Most Palestine students were missing a device or internet connection — sometimes both — at home when remote learning began last spring.

The rural district about two hours southeast of Dallas didn’t have many options to keep instruction going remotely during the pandemic as about 6 out of 10 children lacked the digital tools needed.

“Quite frankly, we could not provide an online, digital curriculum if we had wanted to,” Superintendent Jason Marshall said. “We did pencil and paper.”

Even after Palestine ISD eventually acquired more devices, about 500 of the district’s 3,500 hot spots still didn’t work because of spotty coverage in students’ homes. By Thanksgiving, many frustrated families participating in online schooling requested to go back to paper and pencil.

Palestine students are far from alone in their struggles to find stable internet connection. About 1 million Texans don’t have home access to broadband, a state report found last summer.

The pandemic made Texas’ already gaping digital divide much more challenging, which had lawmakers pledging to close that gap. Gov. Greg Abbott named expanding broadband access one of his priority items at the beginning of session, and last week two omnibus bills gained traction when they each were unanimously voted out of their House and Senate committees.

No one spoke against either bill, and lawmakers from both parties have signed on as co-authors, indicating the push to expand broadband is likely to receive widespread support as it moves forward.

The bills — if approved — would establish a broadband office to spearhead the charge to improve access; create and publish maps detailing which areas lack access to broadband; establish a broadband development program to distribute grants and financial incentives for improved access; and create a statewide plan with long-term goals.

Advocates argue some of these changes are essential to closing the digital divide. Texas is one of six states without a statewide plan and among a small group that doesn’t have a state agency or office steering larger efforts.

The reasons so many Texans don’t have internet access is varied within each community.

It isn’t just a rural issue, noted Bill Sproull, the CEO of the Richardson Chamber of Commerce and the chair of the Governor’s Broadband Development Council.

About 15% of households in metropolitan areas don’t have access to broadband data plans, he said, and the problem can’t just be solved with infrastructure. Families also struggle with affordability and gaps in digital literacy.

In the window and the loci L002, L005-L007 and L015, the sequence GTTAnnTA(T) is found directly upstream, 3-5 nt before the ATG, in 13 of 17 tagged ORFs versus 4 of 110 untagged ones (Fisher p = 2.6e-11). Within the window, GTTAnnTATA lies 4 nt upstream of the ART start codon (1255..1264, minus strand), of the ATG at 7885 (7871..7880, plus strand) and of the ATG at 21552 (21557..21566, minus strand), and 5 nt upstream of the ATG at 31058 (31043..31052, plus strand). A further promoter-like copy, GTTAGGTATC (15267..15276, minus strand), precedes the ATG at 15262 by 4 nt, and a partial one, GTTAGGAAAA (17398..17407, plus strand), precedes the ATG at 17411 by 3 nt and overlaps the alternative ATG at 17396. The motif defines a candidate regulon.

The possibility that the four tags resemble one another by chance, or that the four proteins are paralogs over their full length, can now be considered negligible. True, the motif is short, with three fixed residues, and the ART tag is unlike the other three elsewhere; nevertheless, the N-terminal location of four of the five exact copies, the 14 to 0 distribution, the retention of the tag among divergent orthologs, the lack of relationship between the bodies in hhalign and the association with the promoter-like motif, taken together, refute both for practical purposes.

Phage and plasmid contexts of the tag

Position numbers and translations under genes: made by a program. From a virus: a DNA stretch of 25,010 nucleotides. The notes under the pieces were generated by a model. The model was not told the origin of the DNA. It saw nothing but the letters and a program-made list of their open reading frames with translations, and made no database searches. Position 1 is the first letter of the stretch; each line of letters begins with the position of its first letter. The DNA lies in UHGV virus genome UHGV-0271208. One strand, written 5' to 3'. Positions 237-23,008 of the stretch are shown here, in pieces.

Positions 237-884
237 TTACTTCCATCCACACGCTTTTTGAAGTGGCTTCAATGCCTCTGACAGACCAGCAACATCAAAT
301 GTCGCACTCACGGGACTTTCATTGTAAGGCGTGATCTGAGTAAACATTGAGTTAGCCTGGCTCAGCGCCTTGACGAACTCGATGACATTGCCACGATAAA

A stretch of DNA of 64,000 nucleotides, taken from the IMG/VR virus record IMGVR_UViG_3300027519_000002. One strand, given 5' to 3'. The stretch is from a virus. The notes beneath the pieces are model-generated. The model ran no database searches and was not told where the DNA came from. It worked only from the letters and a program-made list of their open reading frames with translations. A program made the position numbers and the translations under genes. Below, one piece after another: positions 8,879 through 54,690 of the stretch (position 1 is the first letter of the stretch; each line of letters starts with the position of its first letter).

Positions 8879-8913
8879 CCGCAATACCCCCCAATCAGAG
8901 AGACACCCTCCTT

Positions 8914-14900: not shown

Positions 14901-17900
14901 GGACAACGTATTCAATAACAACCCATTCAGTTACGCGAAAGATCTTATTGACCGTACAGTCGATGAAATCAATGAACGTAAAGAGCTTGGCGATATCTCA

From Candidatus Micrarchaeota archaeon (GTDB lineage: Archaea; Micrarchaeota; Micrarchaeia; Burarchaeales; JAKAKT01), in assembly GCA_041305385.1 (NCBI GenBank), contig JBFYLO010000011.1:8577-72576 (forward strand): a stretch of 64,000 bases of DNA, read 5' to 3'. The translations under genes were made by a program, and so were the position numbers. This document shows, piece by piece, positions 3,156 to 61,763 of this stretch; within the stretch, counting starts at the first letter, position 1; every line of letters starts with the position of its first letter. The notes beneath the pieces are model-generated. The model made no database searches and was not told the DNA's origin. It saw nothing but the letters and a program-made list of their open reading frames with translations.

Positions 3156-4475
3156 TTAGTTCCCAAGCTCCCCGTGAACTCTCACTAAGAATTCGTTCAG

House and Senate bills

The two bills’ approaches to solving these problems are mostly similar but differ in small ways. The Senate’s version, for example, puts the broadband office under the University of Texas System while the House would locate the office under the comptroller.

Senate Bill 5 also gives oversight to an 11-member advisory committee that would include representatives from rural areas, urban areas, the Rio Grande Valley, the telehealth medicine industry, public education, the Office of Economic Development and Tourism, nonprofits focused on broadband connectivity, the UT System and Texas Tech University. The office established by HB5 would be overseen by the comptroller’s office.

It’s important to include “regular people” in the discussion process for these plans, said Josephine López Paul, the lead organizer for Dallas Area Interfaith, a coalition of congregations, schools and nonprofits.

López Paul, who helps organize advocates around issues in their Dallas County communities, has noticed that many are still grappling with the same internet challenges as they were at the start of the pandemic.

Families often have to negotiate how to use their few devices available — can students use their tablets for class only or can parents use it for work? And some families don’t have the digital skills to log on in the first place.

“They need to do some bottom-up listening and not just assume they have a plan that’s going to work with people,” López Paul said. “They can put broadband structures in areas and if people don’t know that it’s there or that they need it … it’s just going to be a wasted effort.”

Providers important

In recent hearings that drew overwhelmingly positive feedback from nonprofit advocates, school leaders and internet service providers, one lawmaker emphasized the bills aren’t a foolproof solution on their own.

Many areas lack internet infrastructure because commercial providers don’t find it lucrative to build it, Sen. Charles Perry, R-Lubbock, said. He described the spots where providers haven’t invested as the hole in the middle of a doughnut that needs to be filled.

“What is it going to take for industry … to say this is worth the cost?” Perry asked. Without support from internet providers, the state can’t make a big difference in improving access, he added.

The DMN Education Lab is a community-funded journalism initiative, with support from The Beck Group, Bobby and Lottye Lyle, The Communities Foundation of Texas, The Dallas Foundation, Dallas Regional Chamber, Deedie Rose, The Meadows Foundation, Solutions Journalism Network, Southern Methodist University and Todd A. Williams Family Foundation. The Dallas Morning News retains full editorial control of the Education Lab’s journalism.

Twitter: @emilyjdonaldson